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Warren Beatty Teases Being Serious About DICK TRACY 2
Personally I'd always wondered why there was never a sequel to actor and director Warren Beatty's 1990 adaptation, Dick Tracy.
In the years since its inception in the 1930's as a comic strip with various radio and television shows and films thereafter, the franchise was a favorite leading up to Beatty's own efforts which prospered at the box office and earned numerous awards. However, the film wasn't a hit in the eyes of its studio who felt they lost more than they gained, legal proceedings ensued between Beatty and Tribune Media Service - the latter who initially owned the film and TV rights to Dick Tracy.
Fast forward to 2013 and Beatty, to date, is still the owner, and, for better or worse, still appears to have been dancing around the issue of sequel. As of this week, the fancy footwork continued over at CinemaCon in Las Vegas where Beatty was asked about the prospects for said sequel, saying “I’m serious about it, but I am slow about these things.” before being whisked away from reporters.
The original film, which also starred pop sensation Madonna, cast its yellow signature trench coat worn by Beatty in the title role set against the backdrop of a 1930's noir setting in a city where he's pitted against Alphonse "Big Boy" Caprice, played by Al Pacino. That film was more than two-and-a-half decades ago, and I don't know how much of a window Beatty actually has here, although it's good that he's remained optimistic. Nevertheless, if a sequel is going to happen, it better happen soon.
I could go on and on until I'm blue in the face about how excited I am for the new action thriller, Triple Threat. I won't, but I will throw my hat in with some words for seasoned stuntman and filmmaker Jesse V. Johnson who, in the wake of a stagnant directing career salvaged by the appeal drawn from his latest release, Savage Dog, has risen above expectations in opportune fashion.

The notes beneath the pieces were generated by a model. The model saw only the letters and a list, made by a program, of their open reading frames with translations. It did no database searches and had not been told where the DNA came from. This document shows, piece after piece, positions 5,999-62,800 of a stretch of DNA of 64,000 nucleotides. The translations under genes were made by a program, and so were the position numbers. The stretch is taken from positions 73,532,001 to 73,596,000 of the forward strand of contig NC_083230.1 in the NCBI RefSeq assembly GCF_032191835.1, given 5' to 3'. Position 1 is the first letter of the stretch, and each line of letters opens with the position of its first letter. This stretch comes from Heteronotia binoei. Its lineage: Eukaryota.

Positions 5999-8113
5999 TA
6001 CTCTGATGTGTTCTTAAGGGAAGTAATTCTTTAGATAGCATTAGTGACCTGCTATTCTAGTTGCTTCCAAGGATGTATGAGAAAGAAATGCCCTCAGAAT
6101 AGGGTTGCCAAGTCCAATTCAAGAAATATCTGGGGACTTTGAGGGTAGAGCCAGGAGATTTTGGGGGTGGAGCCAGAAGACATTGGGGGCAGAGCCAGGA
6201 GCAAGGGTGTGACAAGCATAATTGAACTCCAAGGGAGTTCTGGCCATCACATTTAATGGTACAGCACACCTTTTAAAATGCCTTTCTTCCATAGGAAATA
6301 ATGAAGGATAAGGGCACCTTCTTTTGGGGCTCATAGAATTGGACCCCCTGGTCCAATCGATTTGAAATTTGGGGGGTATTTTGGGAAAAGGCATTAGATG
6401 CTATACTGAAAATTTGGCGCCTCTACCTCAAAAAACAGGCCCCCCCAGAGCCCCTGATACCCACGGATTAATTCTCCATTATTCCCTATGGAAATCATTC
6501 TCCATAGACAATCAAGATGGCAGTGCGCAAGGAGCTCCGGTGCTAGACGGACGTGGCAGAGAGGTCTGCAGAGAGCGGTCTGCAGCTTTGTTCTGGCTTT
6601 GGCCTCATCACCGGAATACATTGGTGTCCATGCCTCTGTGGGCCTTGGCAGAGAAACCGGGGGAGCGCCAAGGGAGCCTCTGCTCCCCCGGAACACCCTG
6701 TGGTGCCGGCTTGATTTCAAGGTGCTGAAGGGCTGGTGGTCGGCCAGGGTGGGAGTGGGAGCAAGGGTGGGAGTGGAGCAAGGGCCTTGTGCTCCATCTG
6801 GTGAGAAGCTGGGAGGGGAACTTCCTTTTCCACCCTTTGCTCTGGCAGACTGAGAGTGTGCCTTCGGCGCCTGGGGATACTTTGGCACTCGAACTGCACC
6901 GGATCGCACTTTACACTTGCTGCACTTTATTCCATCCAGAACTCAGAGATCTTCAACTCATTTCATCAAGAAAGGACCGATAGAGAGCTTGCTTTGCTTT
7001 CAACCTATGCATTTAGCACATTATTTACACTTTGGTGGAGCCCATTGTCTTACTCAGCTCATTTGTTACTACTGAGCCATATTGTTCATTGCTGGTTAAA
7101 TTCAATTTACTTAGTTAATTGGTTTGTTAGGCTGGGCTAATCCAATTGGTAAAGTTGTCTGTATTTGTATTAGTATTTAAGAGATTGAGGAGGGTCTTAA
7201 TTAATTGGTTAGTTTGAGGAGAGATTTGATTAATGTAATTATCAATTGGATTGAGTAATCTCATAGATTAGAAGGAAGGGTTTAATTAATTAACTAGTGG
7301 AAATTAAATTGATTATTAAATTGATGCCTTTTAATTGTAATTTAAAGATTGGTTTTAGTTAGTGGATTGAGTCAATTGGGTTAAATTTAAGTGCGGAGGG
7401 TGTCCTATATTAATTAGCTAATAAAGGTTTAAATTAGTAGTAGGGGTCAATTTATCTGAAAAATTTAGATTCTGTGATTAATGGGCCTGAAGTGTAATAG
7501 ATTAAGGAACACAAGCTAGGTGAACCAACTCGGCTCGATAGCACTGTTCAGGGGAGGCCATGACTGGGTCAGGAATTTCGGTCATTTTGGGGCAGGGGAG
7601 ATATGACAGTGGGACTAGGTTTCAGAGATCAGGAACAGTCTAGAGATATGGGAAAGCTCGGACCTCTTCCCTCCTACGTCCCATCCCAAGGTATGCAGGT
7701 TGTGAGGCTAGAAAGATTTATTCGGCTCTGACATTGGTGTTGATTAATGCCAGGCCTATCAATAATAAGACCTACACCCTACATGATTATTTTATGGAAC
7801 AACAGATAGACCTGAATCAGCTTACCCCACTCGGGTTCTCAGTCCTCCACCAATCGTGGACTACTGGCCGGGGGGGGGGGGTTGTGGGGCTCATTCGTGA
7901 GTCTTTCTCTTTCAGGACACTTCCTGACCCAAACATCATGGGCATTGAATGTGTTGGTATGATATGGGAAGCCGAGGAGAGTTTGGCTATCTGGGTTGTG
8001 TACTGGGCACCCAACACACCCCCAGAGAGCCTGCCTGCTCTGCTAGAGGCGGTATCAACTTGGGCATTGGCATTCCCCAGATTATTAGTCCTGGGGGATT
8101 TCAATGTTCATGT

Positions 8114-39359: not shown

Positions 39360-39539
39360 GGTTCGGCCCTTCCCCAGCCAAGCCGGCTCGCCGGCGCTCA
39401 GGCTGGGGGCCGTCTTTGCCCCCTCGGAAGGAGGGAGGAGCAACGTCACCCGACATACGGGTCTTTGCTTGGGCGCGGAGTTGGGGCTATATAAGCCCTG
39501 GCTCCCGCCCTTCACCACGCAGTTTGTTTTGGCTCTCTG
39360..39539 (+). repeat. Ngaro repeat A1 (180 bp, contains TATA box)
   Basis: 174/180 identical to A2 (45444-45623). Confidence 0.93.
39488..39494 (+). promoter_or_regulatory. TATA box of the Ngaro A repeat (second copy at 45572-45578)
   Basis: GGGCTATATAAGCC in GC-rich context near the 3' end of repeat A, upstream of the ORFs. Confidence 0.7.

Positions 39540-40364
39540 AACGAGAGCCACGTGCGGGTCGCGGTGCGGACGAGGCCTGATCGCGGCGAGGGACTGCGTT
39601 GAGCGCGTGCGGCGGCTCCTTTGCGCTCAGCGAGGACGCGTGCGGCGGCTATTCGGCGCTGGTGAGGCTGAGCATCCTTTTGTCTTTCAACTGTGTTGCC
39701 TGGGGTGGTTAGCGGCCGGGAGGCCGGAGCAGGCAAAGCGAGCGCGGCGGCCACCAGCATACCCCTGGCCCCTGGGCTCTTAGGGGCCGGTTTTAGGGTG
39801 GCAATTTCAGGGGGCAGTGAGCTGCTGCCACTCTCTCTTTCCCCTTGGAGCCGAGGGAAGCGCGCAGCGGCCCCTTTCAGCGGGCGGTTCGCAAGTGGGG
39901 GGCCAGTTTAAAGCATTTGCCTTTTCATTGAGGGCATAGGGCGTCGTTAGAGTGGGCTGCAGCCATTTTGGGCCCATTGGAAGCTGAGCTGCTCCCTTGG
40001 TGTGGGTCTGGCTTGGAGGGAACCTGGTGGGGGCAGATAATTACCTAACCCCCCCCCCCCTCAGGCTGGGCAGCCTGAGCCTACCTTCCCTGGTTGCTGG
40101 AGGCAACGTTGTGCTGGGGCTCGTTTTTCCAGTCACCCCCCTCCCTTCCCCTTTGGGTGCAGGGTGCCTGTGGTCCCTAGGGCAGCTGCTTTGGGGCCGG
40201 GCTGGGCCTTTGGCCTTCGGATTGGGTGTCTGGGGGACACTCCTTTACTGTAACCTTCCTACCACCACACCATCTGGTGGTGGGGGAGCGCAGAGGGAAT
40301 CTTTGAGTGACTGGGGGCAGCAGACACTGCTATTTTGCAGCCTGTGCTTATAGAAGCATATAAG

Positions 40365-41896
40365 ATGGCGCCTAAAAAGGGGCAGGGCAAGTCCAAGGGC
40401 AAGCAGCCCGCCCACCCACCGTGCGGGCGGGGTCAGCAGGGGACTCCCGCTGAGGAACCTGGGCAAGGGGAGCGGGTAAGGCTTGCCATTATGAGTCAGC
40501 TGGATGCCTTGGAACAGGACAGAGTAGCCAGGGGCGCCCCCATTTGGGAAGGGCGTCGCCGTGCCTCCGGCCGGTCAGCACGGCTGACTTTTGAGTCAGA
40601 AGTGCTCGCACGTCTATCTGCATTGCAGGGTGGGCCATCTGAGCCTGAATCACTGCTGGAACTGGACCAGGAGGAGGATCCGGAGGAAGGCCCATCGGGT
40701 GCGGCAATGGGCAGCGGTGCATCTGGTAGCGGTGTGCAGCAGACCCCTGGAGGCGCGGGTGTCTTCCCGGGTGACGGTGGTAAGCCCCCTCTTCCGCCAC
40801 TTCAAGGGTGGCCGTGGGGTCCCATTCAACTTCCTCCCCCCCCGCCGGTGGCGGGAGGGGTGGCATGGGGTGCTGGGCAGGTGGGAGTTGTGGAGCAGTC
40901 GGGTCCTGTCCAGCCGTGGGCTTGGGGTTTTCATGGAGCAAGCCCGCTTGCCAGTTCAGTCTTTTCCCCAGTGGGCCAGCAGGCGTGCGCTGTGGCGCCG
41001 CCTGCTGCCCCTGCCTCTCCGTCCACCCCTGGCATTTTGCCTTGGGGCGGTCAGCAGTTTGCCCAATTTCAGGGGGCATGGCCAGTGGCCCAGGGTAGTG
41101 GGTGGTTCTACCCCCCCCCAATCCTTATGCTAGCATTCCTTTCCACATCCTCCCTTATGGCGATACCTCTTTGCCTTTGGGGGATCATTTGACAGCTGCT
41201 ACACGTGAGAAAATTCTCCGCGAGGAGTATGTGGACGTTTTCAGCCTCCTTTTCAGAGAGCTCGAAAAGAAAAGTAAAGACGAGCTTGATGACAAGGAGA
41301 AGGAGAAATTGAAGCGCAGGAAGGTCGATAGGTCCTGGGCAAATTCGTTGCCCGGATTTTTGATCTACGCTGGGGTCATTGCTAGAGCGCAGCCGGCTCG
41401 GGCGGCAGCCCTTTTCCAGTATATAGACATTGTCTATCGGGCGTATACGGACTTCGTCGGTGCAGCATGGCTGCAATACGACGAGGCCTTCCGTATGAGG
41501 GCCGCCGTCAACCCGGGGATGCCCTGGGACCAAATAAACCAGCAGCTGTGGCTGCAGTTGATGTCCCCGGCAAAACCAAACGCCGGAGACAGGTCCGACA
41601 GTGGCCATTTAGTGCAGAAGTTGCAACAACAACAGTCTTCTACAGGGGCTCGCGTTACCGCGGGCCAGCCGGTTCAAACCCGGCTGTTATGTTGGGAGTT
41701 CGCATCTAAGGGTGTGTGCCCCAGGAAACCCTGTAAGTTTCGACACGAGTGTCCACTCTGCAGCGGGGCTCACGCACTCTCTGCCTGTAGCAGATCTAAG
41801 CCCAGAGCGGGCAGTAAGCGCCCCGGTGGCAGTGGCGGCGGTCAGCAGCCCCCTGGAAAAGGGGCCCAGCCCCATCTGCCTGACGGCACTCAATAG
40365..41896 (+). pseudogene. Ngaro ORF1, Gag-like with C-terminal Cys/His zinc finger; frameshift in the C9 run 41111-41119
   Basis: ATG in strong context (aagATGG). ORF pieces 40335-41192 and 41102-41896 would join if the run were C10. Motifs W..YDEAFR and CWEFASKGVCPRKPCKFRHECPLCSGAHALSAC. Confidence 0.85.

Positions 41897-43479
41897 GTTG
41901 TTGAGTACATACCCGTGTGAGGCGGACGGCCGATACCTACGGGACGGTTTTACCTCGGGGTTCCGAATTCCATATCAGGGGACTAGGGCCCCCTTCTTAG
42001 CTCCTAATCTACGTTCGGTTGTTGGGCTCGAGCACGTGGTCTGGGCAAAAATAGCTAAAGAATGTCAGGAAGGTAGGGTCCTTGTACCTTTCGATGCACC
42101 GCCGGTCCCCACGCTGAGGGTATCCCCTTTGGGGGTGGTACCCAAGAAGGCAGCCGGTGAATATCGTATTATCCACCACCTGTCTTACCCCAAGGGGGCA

It truly is something to be proud of... a succession accompanied, no less, by a line-up of some serious, prominent action starpower; Names like Tony Jaa, Iko Uwais and Tiger Chen as well as Scott Adkins, Michael Jai White, Michael Bisping and Jeeja Yanin are all but what one would dream of seeing in a single movie together on the big screen, which, at least until starting late last year, almost felt like an impossibility.
Then again, there were people who thought that Jaa would never appear in a movie with Donnie Yen dating back twelve years ago as the Thai action star took the mantle with groundb…
I think it's safe to say you know your movie sucks when you not only screw the rights holders whose name and content you base your unsanctioned film on, but when said rights holders join the chorus of critics panning your movie from literally every angle of the internet. That is the level of achievement you have reached if your name is George Nolfi and you've directed a film called Birth Of The Dragon, long hyped to be a hopefully legendary homage to Bruce Lee, the late founder of Jeet Kune Do and patriarch of American martial arts movie fandom.
You've seen him play the Game Of Death opposite Bruce Lee in the late martial arts star's final film. You've watched him go down in the iconic bar room brawl as "Sticks" in Out For Justice. You might have even caught him in a heartfelt and defining moment in the finale scene of David Mamet's 2008 martial arts drama, Redbelt.
Or, if you're immersed in the martial arts niche enough then you've likely given a glance at martial arts legend, Dan Inosanto, in various viral self-defense videos online or in segments from the many documentaries he's been featured in within the last few decades, namely Jay Ignacio's The Bladed Hand: The Global Impact of the Filipino Martial Arts or Pete McCormack's I Am Bruce Lee. For certain, the actor and ardent teacher and FMA mainstay's relevance is guaranteed this week with the news of a new biopic based on the Guro's little-known life and history which includes helping the Dallas Cowboys win Super Bow…